In a recent post, I outlined some of the basics I emphasize to new traders, beginning with a fundamental understanding of value, trading ranges, and why markets break out of ranges and trend.
Technical analysis appeals to many developing traders. Regrettably, much of what passes for technical analysis might be called surface analysis. Examples of such surface reasoning would be:
* We’re seeing an XYZ chart pattern; therefore I’m bullish;
* We’re overbought on the ABC indicator, so I’m selling the market;
* The market is trending higher, so I’ll buy it here;
* We’re making a new low, so I’ll sell it here.
To be sure, surface analyses are not unique to technical analysis. Surface fundamental analysis, for example, seems to be a specialty of market permabears, but comes in several flavors:
* The recent economic reports have been weak, so the market is going down;
* The dollar is weak, so we’re headed for a crash;
* The market is making new highs, so we’re in a bubble and headed for a crash;
* The economy is strong, so we will continue a bull market.
What makes any reasoning surface is the reliance upon simple cause-effect relationships. When I work with traders at investment banks and hedge funds and see the millions upon millions of dollars they spend on research and analysis, I have to shake my head at traders who would rely upon simplistic, linear thinking. If those cause-effect relationships were significant, those ultra-competitive firms would be only to happy to exploit them.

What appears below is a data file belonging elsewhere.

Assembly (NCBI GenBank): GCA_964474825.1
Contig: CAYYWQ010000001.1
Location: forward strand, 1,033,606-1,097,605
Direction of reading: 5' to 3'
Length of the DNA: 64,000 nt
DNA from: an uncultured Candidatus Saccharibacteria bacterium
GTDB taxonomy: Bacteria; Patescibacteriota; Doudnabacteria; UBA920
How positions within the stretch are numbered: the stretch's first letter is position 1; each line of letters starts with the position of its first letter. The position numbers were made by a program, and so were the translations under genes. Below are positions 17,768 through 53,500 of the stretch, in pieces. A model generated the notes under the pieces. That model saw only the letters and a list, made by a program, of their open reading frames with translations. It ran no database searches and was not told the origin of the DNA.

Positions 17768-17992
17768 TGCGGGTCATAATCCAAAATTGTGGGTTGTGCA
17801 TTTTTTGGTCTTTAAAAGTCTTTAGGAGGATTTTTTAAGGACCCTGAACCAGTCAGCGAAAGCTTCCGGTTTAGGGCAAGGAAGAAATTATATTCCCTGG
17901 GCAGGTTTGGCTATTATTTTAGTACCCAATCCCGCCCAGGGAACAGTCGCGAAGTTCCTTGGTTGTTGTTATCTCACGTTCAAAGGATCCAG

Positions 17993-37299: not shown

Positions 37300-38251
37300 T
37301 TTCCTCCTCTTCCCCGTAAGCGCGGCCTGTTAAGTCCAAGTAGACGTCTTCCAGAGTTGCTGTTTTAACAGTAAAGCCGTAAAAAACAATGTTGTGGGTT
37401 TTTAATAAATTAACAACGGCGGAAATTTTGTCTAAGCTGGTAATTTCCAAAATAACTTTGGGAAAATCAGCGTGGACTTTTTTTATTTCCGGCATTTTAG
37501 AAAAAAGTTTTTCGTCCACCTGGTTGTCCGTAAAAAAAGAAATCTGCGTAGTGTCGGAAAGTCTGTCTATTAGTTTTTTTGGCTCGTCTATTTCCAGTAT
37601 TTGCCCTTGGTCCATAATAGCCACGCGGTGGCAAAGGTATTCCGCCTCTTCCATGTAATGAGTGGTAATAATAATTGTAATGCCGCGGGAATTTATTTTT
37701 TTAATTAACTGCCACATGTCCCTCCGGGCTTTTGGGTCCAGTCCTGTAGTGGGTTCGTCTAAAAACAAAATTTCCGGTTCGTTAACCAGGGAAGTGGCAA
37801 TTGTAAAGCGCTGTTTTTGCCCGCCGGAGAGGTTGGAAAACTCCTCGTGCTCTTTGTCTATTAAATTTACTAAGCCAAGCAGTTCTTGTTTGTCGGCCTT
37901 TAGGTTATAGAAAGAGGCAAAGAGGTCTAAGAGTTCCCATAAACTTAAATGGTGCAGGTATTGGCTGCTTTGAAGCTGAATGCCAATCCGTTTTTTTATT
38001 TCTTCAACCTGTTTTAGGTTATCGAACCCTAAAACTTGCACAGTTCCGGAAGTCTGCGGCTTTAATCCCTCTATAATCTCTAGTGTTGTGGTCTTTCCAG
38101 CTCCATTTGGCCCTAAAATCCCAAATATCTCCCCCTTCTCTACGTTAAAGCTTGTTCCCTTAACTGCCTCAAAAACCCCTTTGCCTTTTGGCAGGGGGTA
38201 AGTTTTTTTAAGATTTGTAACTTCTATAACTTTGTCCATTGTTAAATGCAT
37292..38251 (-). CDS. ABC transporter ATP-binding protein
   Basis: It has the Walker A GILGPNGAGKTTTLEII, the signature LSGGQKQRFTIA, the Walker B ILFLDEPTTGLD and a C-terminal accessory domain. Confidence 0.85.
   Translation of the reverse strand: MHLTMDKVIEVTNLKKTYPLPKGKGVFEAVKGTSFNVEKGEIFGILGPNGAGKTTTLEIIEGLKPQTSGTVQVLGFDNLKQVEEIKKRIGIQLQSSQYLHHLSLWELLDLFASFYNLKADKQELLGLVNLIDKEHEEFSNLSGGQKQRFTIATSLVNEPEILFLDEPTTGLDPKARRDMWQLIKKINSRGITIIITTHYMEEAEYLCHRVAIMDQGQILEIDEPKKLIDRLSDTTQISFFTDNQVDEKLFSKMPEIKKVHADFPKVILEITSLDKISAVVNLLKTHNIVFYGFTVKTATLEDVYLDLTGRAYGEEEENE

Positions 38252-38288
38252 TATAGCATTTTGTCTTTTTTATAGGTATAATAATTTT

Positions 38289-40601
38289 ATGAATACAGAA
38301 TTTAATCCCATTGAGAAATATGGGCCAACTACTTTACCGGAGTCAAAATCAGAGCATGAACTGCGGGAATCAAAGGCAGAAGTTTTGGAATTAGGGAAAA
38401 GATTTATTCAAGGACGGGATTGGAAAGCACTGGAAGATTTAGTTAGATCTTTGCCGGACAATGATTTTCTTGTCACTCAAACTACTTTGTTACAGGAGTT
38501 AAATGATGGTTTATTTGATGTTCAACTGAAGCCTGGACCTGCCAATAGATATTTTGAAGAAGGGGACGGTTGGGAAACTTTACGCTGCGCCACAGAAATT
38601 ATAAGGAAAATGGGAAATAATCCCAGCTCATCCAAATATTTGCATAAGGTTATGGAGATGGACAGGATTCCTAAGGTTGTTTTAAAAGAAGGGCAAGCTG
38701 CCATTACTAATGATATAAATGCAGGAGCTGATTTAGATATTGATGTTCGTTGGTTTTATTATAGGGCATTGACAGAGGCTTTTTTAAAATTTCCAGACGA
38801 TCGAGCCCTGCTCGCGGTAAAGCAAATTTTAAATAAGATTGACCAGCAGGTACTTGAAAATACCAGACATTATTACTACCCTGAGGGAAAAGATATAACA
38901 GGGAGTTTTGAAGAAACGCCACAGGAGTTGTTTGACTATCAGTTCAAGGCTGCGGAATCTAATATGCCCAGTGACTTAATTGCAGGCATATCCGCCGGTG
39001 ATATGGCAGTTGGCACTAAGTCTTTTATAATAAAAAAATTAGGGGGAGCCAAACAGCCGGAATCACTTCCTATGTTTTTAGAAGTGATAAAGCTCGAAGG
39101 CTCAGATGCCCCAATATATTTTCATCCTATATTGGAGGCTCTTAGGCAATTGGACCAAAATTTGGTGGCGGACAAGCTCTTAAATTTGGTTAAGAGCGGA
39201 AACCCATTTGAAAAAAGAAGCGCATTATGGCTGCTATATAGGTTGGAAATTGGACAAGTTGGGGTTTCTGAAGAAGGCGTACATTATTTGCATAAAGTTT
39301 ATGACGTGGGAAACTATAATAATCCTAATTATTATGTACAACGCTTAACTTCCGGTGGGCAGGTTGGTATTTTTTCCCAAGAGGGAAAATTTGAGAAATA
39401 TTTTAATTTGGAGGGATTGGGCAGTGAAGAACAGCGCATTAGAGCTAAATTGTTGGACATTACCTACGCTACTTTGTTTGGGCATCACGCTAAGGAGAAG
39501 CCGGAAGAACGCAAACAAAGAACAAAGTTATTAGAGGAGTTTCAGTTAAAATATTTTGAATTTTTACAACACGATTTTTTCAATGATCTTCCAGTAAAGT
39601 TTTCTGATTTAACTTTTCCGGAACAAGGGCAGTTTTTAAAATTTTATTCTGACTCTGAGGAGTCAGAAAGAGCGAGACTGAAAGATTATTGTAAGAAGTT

(A topic for another day is the reverse: How professional firms create hazards through excessive complexity. I’ll be taking a look at a recent book on this topic in a future post).
Technical analysis, however, need not be surface. Price-volume relationships, examined over multiple time frames, can yield valuable insights into valuation and the market’s auction process. Similarly, careful looks at how individual stocks and sectors are behaving can provide clues as to emerging market strength and weakness that either confirm or disconfirm the movements of the popular, capitalization-weighted indexes. When we examine correlated markets, we can obtain insights into capital flows that are most relevant for whether equity traders are assuming or avoiding risk.
The chess grandmaster doesn’t think in linear terms, move by move. Rather, the grandmaster sees configurations of pieces and understands their strategic significance. That helps the expert to think many moves in advance. The market is like a chessboard in that respect. Configurations of relationships, not simple if-then/cause-effect sequences, enable the successful trader to understand market movements and participate in them. We know a trader is developing when his or her market perspectives deepen, becoming richer with experience.
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